At first, they struggle to get along. One of the teachers at the ballet school, takes Carly to a ballet where she starts getting ideas for their routine; when she arrives home, Carly finds Jay waiting for her and the two spend the night having sex. During a dance battle in a club the next night, the team learn that Jay has betrayed the team by joining The Surge, a rival crew. Jay brags about his sex with Carly and Tomas, a ballet dancer, punches Jay out of anger. Jay swears revenge. Carly, upset over the betrayal, leaves the club and is nearly hit by a car before Tomas pulls her out of the way. Tomas takes Carly back to his apartment where they dance on the roof kissing. Carly leaves him alone on the roof, while they both look at the sunrise and smile; the next day at the school, Carly announces the new name of their dance crew: Breaking Point. Another teacher at the school, outraged that her students are being corrupted, deliberately plans a Royal Ballet audition for the same day as the street dance finals.
The ballet dancers promise Carly they will make it. In an attempt to give Breaking Point more time to wait for the ballet dancers, Carly's friend Eddie goes out onto the dance floor and starts dancing, surprising the crew and wowing the audience; the ballet team turn up at the final anyway, their teacher Helena drives the Royal Ballet judges to the streetdancing final so they can see the dancers perform. The routine is a success and Tomas kiss during the performance, the crowd is enthralled. Jay is furious that The Surge have been beaten and he's lost Carly; the film ends with Breaking Point and The Surge dancing to N-Dubz' "We Dance On". Nichola Burley as Carly Richard Winsor as Tomas Ukweli Roach as Jay Frank Harper as Fred George Sampson as Eddie Charlotte Rampling as Helena Eleanor Bron as Madame Fluerie Patrick Baladi as Mr Harding Teneisha Bonner as Shawna Lex Milczarek as Boogie Kofi Agyemang-Prempeh as Mac Hugo Cortes as Gabe Sianad Gregory as Chloe Jennifer Leung as Bex Rachel McDowall as Isabella Rhimes Lecointe as Justine Sacha Chang as Aimee Bradley Charles as Frankie Lil Steph as Steph Brooke Milliner as Brooke Jeremy Sheffield as Michael Flawless as The Surge Ashley Banjo as Aaron Diversity as Aaron's Crew Jordan Long as Security Guard Jocelyn Jee Esien as Delilah Tameka Empson as Sharonda Akai Osei-Mansfield as Dancing Kid in Shopping Mall Leigh Alderson as a Featured Dancer Babbal Kumar as dark dancer Kyle Davey as a Featured Dancer Brendan Conway as an Audience Dancer On 14 January 2009 it was announced that Max Giwa and Dania Pasquini would direct a 2010 British 3D dance drama movie similar than the Step Up movie series titled StreetDance 3D which would be released in cinemas in the UK, James Richardson would be the producer for the film with the budget of £3.5 million and Jane English would be the writer for the film, it was announced that Diversity, George Sampson, Charlotte Rampling, Eleanor Bron, Nichola Burley, Patrick Baladi, Jocelyn Jee Esien, Richard Winsor and Jeremy Sheffield would star in the movie.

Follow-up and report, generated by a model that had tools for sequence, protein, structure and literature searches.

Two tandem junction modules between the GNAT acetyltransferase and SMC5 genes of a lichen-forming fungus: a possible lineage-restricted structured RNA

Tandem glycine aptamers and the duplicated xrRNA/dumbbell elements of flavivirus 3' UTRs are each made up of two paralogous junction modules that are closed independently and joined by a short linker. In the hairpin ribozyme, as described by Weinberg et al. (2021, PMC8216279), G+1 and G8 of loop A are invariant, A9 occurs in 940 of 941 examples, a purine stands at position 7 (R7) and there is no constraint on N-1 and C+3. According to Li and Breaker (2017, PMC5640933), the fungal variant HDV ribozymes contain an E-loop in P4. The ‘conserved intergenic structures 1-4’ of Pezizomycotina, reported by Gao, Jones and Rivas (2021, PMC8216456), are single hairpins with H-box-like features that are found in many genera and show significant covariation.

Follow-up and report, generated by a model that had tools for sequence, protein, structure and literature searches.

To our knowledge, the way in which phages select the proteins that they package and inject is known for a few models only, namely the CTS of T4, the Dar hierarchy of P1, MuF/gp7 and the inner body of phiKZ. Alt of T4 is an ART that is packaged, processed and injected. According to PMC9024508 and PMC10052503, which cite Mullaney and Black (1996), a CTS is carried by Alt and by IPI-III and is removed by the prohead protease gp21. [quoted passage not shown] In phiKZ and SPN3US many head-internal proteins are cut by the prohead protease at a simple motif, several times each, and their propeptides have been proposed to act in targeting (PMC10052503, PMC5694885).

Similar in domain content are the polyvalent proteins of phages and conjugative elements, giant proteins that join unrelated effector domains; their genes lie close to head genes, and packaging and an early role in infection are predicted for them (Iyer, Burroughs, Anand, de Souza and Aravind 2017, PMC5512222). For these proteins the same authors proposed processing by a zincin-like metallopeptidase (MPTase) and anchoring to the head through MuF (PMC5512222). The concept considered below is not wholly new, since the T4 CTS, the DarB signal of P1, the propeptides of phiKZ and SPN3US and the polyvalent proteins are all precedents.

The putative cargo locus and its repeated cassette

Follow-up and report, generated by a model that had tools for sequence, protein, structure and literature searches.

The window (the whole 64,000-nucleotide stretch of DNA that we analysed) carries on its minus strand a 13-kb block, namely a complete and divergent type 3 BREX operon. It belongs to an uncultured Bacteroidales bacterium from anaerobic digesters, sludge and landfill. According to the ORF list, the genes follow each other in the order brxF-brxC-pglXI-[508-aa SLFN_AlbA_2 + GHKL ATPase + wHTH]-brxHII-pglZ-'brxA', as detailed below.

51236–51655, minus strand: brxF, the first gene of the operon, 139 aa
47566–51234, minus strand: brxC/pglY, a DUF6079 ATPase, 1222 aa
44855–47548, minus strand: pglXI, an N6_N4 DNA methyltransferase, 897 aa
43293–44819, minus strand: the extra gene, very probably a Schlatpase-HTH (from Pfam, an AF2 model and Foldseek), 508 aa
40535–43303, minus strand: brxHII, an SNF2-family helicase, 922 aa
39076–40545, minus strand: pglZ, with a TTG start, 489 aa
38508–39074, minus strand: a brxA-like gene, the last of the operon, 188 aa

Vertigo Films acquired distribution rights to the film. N-Dubz would compose the music for the movie. BBC Films and UK Film Council co-produced the film. StreetDance 3D filmed from August–December 2009; the film was shot with Paradise FX's Tri Delta camera systems. Max Penner was the stereographer; this film was the launch of Paradise FX Europe. It was filmed on location, the shopping centre scene was filmed in Southside Shopping Centre and the streetdance competition was filmed in the Battersea Power Station. There is a scene featuring Akai Osei from Got to Dance, filmed in September 2009. Charlie Bruce from So You Think You Can Dance appears in the film, but her scenes were cut; the film has a 77 % "fresh" rating from Rotten Tomatoes. However the film was #1 for only one week in the U. K. after making £2,273,938 in box office. The film's box-office earnings after their theatrical run was $17,695,464, it was the highest grossing UK production released in 2010, beating Robin Hood and Prince of Persia: The Sands of Time.
The DVD and Blu-ray came out on 27 September in the UK which had 2 discs came with 3D glasses. Tinie Tempah feat. Labrinth - Pass Out N-Dubz feat. Bodyrox - We Dance On Lightbulb Thieves - Work It Out Ironik - Tiny Dancer N-Dubz - Strong Again Pixie Lott - Live for the Moment Aggro Santos feat. Ki